NASA's Endeavour shuttle blasted off from the Kennedy Space Center on Monday for its last ever flight.
The shuttle lifted off from the seaside Launch Pad 39A at 12:56 GMT, NASA said in a statement.
The launch was originally scheduled for April 29, but was delayed several times due to technical problems.
The crew, led by Mark Edward Kelly, includes pilot Gregory H. Johnson, U.S. astronauts Andrew J. Feustel, Edward Michael Fincke and Gregory Errol Chamitoff, and Italian astronaut Roberto Vittori.
During Endeavour's final 14 days in space it will deliver the Alpha Magnetic Spectrometer (AMS) and spare parts including two S-band communications antennas and a high-pressure gas tank to the International Space Station (ISS.)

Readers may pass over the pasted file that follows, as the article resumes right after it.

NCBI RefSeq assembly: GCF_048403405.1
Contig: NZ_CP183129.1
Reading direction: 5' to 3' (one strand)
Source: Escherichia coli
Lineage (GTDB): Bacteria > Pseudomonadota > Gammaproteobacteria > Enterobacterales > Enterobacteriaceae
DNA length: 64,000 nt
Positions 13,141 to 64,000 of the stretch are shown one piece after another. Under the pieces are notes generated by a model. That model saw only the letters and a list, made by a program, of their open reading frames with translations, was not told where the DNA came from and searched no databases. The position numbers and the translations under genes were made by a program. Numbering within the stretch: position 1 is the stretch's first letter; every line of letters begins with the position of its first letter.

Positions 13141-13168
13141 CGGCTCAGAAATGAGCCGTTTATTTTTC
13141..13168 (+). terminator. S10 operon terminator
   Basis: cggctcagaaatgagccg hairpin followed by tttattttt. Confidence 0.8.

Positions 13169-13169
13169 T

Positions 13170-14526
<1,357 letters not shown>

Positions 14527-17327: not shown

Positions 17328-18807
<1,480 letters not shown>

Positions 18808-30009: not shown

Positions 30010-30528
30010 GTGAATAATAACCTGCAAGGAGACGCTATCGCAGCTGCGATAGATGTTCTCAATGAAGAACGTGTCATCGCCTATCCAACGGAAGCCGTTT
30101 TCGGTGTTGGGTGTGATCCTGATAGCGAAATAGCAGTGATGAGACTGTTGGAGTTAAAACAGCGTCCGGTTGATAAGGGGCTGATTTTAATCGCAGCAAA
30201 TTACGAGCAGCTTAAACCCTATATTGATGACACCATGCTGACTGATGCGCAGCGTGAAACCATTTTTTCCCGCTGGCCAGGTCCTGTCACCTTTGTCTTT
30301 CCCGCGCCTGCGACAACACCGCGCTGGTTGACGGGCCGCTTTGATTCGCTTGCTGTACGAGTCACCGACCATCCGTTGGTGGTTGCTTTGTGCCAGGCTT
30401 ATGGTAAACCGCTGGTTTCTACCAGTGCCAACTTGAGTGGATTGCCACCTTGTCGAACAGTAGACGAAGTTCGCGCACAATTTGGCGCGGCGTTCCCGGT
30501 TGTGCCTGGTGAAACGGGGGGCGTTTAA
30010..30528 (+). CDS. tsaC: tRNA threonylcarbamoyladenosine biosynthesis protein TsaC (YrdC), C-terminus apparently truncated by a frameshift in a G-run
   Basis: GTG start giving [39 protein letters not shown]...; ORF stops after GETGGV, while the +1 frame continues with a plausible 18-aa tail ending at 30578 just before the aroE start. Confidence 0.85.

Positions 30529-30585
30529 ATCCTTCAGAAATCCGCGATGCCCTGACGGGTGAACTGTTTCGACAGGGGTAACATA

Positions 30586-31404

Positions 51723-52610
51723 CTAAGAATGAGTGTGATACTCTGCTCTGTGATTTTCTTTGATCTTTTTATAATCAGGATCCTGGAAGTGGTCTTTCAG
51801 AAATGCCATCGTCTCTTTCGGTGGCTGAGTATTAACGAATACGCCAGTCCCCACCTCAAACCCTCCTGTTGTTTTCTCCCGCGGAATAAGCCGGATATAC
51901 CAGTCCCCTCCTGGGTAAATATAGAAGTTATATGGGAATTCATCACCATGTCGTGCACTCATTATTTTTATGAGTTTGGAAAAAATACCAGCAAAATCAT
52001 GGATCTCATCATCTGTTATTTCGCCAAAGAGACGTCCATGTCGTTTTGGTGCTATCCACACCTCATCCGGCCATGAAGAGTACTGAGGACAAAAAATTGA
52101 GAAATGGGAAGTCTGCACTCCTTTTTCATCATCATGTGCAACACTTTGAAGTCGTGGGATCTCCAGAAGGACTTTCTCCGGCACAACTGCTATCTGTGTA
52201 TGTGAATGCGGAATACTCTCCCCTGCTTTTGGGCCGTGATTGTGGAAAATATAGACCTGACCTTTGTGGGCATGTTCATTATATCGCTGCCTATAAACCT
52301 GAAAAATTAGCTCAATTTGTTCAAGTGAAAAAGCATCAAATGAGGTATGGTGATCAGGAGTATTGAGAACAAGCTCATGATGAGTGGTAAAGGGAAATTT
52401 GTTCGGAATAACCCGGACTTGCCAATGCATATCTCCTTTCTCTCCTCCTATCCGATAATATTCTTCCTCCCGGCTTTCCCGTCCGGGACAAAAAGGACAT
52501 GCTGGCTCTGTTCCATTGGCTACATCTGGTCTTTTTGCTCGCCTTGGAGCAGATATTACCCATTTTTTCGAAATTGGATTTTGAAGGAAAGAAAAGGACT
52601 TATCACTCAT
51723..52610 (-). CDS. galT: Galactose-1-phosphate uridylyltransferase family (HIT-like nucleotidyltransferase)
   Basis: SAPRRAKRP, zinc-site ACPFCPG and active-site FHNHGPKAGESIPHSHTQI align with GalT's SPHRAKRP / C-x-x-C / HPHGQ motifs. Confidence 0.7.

The Endeavour will be the second to last NASA shuttle rocket to retire. The Atlantis is due to perform its final mission in July.
Once the shuttle fleet is retired, Russian Soyuz craft will be the only way for astronauts to reach the ISS until at least the middle of the decade. NASA is paying its Russian counterpart Roscosmos more than $1 billion for crew transport services over the next four years.
MOSCOW, May 16 (RIA Novosti)